The Seahawks, which their ex-superstar Richard Sherman called “middle-of-the-road,” just roared into the fast lane in the NFC’s playoff race.
Russell Wilson set his season high with four touchdown passes—within his first 10 completions. Two were to Jaron Brown. All were away from Sherman, now a San Francisco instead of Seattle cornerback.
Linebacker Bobby Wagner was his All-Pro best. He blitzed and battered the 49ers offense with a 2017 practice-squad quarterback trying to throw without two top wide receivers, and trying to run with their lead running back Matt Breida out with an ankle injury. Then Wagner picked off Nick Mullens and returned the interception 98 yards for a touchdown that ensured Sherman’s return to Seattle went all the way of his former team, not his.
The Seahawks led 20-0 early en route to their third consecutive victory, 43-16 Sunday at CenturyLink Field.
Wilson completed 11 of 17 passes for 185 yards with scoring throws also to Tyler Lockett and Doug Baldwin, who also had a a 21-yard catch and run against Sherman when Sherman missed the tackle.
That’s how Seattle (7-5) moved into the fifth of sixth playoff seeds in the NFC thanks to Minnesota (6-5-1) losing at New England.
The Seahawks host the Vikings next, on Monday Dec. 10. Three of Seattle’s final four games are at home. The lone road one is at the 49ers, Dec. 16.
Wilson’s first six passes Sunday went OK for Seattle: Four completions, three for touchdowns. All were away from Sherman.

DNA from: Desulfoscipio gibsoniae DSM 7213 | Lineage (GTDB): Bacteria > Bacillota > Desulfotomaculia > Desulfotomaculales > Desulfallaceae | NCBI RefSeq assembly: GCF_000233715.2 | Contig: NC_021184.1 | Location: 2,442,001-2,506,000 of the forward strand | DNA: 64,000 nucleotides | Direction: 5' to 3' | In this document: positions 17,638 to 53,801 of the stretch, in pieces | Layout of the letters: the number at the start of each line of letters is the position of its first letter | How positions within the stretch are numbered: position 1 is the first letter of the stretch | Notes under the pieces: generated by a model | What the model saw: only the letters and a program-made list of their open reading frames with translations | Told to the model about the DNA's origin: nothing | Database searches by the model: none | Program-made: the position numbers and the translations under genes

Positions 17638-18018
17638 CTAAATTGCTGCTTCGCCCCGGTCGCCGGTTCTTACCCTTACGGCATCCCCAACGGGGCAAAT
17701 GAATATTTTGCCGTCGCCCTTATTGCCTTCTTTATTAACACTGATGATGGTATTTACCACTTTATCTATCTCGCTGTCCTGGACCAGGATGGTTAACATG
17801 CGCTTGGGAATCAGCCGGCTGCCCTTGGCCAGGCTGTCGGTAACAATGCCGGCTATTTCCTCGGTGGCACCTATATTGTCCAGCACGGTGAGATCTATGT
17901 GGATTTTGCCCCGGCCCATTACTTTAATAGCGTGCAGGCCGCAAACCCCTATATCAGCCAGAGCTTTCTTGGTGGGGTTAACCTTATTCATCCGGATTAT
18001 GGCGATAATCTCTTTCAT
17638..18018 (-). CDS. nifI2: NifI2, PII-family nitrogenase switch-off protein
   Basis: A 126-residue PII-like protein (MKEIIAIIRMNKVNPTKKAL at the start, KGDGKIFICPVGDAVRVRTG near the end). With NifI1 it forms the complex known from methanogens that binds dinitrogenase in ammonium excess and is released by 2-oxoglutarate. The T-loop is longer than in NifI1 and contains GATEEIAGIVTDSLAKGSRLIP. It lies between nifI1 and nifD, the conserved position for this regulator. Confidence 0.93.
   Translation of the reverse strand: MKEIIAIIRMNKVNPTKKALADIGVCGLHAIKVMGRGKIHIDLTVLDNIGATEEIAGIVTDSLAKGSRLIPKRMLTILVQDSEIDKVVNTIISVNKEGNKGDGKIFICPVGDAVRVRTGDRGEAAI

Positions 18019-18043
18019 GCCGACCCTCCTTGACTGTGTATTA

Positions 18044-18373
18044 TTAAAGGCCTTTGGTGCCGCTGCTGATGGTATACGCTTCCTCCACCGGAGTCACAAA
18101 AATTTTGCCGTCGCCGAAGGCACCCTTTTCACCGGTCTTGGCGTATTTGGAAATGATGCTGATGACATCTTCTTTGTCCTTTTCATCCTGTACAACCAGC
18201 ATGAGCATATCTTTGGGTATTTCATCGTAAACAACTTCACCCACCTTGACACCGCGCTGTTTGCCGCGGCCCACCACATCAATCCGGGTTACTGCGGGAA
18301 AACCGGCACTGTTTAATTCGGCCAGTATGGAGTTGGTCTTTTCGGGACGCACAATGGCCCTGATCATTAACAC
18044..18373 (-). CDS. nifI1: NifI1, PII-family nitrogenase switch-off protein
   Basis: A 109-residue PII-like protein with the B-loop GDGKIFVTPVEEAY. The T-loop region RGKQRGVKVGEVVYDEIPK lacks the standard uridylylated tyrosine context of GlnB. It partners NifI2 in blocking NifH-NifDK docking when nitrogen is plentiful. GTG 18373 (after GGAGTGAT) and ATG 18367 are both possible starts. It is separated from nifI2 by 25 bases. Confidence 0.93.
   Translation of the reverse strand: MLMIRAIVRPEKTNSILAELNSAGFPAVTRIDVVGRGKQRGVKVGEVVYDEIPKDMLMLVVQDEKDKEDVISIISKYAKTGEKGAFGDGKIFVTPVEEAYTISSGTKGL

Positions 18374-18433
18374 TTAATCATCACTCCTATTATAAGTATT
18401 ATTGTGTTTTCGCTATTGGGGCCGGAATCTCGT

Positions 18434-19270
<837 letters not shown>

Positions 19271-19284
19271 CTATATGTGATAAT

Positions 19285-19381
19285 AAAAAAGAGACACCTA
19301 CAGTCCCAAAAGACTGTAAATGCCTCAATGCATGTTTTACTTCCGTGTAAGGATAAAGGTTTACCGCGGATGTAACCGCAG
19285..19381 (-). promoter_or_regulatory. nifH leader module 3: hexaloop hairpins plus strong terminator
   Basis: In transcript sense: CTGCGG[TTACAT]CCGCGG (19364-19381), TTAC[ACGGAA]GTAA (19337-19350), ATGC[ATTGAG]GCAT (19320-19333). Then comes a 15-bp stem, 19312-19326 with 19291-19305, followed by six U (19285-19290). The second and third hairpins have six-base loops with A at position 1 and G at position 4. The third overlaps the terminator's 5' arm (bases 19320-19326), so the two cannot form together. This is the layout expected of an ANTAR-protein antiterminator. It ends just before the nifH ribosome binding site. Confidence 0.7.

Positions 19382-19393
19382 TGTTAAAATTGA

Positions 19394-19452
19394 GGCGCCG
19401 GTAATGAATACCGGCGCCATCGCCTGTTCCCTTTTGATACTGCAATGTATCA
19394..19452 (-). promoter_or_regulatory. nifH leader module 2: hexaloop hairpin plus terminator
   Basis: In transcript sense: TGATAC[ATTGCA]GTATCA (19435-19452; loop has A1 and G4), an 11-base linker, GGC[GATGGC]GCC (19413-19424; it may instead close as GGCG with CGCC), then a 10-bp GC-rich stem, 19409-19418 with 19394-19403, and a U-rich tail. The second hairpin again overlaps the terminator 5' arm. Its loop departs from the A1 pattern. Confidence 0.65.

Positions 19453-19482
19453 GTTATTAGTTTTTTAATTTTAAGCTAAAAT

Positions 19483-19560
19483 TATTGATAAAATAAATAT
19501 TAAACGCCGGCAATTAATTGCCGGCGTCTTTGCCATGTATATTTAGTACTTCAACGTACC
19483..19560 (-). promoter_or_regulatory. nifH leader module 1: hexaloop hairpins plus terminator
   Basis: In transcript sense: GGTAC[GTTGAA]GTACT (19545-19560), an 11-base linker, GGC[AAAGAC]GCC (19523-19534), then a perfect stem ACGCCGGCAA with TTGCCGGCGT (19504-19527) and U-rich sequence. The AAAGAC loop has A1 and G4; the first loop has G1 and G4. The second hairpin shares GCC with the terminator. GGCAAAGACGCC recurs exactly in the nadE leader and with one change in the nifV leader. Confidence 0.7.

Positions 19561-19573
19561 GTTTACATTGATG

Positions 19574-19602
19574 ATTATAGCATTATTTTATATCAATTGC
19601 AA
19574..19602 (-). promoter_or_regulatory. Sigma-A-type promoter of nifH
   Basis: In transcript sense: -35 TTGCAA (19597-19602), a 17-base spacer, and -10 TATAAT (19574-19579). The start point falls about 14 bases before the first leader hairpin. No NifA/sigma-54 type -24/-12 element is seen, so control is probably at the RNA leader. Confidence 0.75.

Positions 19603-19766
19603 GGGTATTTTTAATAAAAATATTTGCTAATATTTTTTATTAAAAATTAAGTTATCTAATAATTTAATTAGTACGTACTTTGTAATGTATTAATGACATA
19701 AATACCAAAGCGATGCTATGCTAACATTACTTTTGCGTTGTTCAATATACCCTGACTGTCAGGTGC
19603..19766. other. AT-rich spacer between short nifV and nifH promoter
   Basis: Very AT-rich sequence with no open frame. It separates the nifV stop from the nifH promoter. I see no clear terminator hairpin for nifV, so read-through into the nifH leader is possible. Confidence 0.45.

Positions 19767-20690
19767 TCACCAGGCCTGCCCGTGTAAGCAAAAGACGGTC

The first score was the most memorable. And honorable.
Nine of Seattle’s first 12 plays were runs. That continued the trend the Seahawks learned two months ago is their only way to be able to pass protect later in games against more-honest defenses, and thus the only way to win. The 12th play was Wilson’s touchdown pass of 4 yards to Jaron Brown, on the right side of San Francisco’s defense opposite Sherman.
Then the Seahawks’ wide receivers continued their season of creative end-zone celebrations. They ran from the left side where Brown scored to the right side of the south end zone. At the same spot on CenturyLink Field where Sherman tipped a Colin Kaepernick pass to Seahawks teammate Malcolm Smith to beat the 49ers in the January 2014 NFC title game and send Seattle to Super Bowl 48, these Seahawks re-enacted Sherman’s play. Baldwin played the role of Sherman. He tipped ball lofted by Brown to David Moore, who was playing Smith.
The fans in that end one immediately recognized the tribute. They roared.
Wilson’s second touchdown throw of the half came after Chris Carson’s 15-yard run jump-started Seattle’s next drive, early in the second quarter. Wilson stepped to avoid rushing 49ers and threw across the field to Tyler Lockett running right to left on a diagonal past Smith, the Seahawks’ MVP of Super Bowl 48 Sherman’s tip got them to. That 52-yard score extended Lockett’s career high with his ninth touchdown reception, his third in four game. Seattle led 13-0.
Shaquill Griffin kept it that way.
Seattle’s left cornerback, Sherman’s replacement on the Seahawks’ defense, prevented a touchdown in the red zone on San Francisco’s next possession. Griffin deftly stayed with San Francisco’s slot wide receiver on his double move inside on a slant and outside toward the end-zone pylon. Mullens checked down his pass near the line instead to former University of Washington receiver Dante Pettis for 8 yards instead of a touchdown.
Two plays later, Wagner ripped the ball from 49ers rookie running back Jeff Wilson, who was playing more because starter Matt Breida was limited by an ankle injury from early in the game. Wagner’s fumble recovery at the Seattle 14 kept the Seahawks’ ahead 13-0.
Pettis later had two touchdown catches as San Francisco tried to rally in the second half.
Wilson’s third touchdown pass of the half was on a simple, 1-yard out route by Baldwin on third and goal late in the second quarter. That made it 20-0.